WTXL Road Trip: Exploring Doc Holliday's history in Lowndes County

Doc Holliday
Posted at 6:10 PM, Jun 29, 2017
and last updated 2017-07-21 06:34:36-04

VALDOSTA, Ga. (WTXL) - Everyone from Dennis and Randy Quaid to Val Kilmer has played him in the movies, and believe it or not, John Henry "Doc" Holliday is from our neck of the woods!

"There's not a whole lot known about him," said Lynn Thomas. However, if there's one person who knows about Holliday, it's Thomas. Thomas is Holliday's third cousin.

He still remembers the day he found out they're kin, saying: "I went to a movie at the old Valdosta Theatre here and there was a movie playing. One of the characters in it was a guy named Doc Holliday and I was fascinated by the character.

"I thought one of the best things he did, he was throwing cards into a hat. Just pitching one right after another and they all went in," added Thomas. "As a young boy, I thought that was the coolest thing I'd ever seen. So I go home and I tell my mother what was in the movie and I said 'There was this guy named Doc Holliday.' She says 'You know you're related to him, don't you?' I almost keeled over!"

Born in 1851 in Griffin, Georgia, Holliday and his family moved to Valdosta 1864.

It's a story Donald Davis, Executive Director of the Lowndes County Historical Society and Museum, knows well.

"This was during the Civil War and it was a big turmoil with the Battle of Atlanta," said Davis. "They actually wanted people to leave and Doc Holliday's father, Major Holliday, bought land here and then brought his family. So they came here as Civil War refugees."

Although it's not in the family anymore, Doc Holliday's childhood home still stands in Valdosta. The current owners have changed some parts of the house and added on, but you can still see parts of the original structure-- a reminder of the rich history here.

"Doc Holliday's father eventually became the Mayor of Valdosta and actually formed in many ways a base of leadership to begin our community," said Davis.

Doc Holliday spent a handful of his younger years in Valdosta, even attending the now-torn-down Valdosta Institute, a primary school for young boys. But it's what Holliday went on to do after leaving Valdosta that's made him so infamous.

In 1870, Holliday moved to Philadelphia to attend the University of Pennsylvania Dental School. He came back to the south to practice dentistry for awhile, but then, at the age of 23, moved to Dallas, Texas.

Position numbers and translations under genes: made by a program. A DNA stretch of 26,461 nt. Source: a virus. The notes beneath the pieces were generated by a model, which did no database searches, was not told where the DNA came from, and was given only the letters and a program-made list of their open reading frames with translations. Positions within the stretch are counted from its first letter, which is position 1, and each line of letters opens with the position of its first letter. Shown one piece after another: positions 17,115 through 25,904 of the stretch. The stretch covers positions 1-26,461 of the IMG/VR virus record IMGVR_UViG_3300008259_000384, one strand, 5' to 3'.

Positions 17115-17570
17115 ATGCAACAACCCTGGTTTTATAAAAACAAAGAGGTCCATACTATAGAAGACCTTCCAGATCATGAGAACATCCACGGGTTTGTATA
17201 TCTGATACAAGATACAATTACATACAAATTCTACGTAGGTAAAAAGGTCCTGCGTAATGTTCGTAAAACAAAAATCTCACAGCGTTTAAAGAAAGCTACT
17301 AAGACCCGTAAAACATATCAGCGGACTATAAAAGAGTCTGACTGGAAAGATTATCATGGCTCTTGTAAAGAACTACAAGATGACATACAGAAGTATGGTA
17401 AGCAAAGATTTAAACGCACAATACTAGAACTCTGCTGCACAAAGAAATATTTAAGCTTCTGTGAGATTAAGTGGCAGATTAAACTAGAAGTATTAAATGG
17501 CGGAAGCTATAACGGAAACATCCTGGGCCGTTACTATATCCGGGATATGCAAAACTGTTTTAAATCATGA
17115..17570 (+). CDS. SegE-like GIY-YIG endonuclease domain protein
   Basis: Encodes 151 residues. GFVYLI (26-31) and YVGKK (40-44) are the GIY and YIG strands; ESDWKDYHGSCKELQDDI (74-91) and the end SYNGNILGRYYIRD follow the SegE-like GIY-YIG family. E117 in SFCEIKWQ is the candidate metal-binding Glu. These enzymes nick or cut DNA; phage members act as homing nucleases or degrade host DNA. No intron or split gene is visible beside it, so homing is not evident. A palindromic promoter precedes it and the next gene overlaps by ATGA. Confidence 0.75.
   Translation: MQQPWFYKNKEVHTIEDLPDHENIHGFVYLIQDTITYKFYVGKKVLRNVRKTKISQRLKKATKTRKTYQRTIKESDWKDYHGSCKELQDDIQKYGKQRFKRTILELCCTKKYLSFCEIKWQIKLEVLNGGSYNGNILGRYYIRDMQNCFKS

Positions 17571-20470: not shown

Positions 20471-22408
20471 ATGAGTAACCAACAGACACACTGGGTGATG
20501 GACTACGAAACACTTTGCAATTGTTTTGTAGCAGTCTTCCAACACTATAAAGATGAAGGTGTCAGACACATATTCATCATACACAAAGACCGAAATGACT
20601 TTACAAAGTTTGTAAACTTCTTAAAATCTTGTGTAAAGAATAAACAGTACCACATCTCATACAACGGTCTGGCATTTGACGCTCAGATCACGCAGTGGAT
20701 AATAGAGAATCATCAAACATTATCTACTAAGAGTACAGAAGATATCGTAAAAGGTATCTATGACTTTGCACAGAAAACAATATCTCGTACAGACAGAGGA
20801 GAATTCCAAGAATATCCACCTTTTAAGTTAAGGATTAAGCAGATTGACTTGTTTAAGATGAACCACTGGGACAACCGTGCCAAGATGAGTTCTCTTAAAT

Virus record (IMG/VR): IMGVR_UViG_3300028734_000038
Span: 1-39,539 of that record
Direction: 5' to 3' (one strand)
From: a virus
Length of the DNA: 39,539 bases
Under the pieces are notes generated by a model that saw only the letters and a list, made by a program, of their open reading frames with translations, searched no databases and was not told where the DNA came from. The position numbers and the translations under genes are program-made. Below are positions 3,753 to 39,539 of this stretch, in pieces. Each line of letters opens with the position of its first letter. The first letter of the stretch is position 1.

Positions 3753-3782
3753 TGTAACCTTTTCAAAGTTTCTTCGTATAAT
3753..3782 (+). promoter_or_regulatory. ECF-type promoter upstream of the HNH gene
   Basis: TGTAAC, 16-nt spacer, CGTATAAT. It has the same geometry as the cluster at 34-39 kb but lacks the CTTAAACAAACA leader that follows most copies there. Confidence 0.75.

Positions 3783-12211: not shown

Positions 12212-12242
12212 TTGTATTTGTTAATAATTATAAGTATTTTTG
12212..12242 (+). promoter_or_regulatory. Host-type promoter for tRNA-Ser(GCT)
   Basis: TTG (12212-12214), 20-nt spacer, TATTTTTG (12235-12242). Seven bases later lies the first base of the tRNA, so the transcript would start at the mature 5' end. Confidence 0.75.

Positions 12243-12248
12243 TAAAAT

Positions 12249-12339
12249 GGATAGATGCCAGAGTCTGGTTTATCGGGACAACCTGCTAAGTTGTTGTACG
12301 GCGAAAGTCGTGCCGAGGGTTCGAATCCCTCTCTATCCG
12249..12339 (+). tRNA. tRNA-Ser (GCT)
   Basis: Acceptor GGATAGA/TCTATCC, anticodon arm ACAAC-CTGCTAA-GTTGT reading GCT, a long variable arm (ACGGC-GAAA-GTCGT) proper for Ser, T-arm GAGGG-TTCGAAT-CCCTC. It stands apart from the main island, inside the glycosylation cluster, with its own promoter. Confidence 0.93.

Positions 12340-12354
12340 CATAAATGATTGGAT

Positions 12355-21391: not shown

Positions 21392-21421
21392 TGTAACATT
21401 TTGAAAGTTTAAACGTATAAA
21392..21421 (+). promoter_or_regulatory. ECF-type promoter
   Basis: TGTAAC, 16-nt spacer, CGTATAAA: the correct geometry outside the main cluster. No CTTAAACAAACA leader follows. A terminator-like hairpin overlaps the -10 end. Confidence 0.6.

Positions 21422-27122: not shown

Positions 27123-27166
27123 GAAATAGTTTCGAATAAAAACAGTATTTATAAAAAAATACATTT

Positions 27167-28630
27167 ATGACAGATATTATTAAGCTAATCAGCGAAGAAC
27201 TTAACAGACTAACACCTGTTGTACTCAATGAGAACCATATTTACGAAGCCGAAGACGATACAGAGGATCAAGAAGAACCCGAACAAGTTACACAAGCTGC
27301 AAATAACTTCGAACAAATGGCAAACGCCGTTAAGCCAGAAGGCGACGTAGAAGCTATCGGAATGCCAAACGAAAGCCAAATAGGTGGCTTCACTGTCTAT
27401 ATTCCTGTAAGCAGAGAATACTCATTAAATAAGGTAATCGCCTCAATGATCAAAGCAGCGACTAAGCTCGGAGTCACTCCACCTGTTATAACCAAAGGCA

That's because, in 1873, Holliday found out he had tuberculosis. Historical experts believe he moved to Texas because he thought he'd live longer and fare better in the drier air.

Soon, dentistry took a backseat to gambling, drinking, and fighting-- staples of life in the Old West. Holliday also played a major role in the famous "Gunfight at the O.K. Corral" in Tombstone, Arizona.

"I think that's what kind of jump started him if you will into the national consciousness and the newspapers seized on it and it went all over the country," said Thomas. "All of a sudden, he became a celebrity. The outlaw that basically was a good guy and actually did more good than he did bad. People are kind of attracted to that, I think.

"He was no saint!" Thomas added. "He drank, I think so some degree to deaden the pain from the tuberculosis. He gambled, he stayed in the saloons where the smoke you could cut with a knife. The man didn't get decent enough sleep and he lived for 15 years in a situation like that!"

Holliday finally succumbed to his TB 1887, but his gun-slinging ways have remained a fascination for many, cementing his legend in Wild West lore.

"We've had people come through here from even as far as Germany doing documentaries on Doc Holliday and the Wild West," said Davis.

"The connection is definitely there and I think a lot of people are kind of proud of that," said Thomas.

You can find out more about Doc Holliday's history in Valdosta by visiting the Lowndes County Historical Society and Museum.  You can also check out the museum's online exhibit here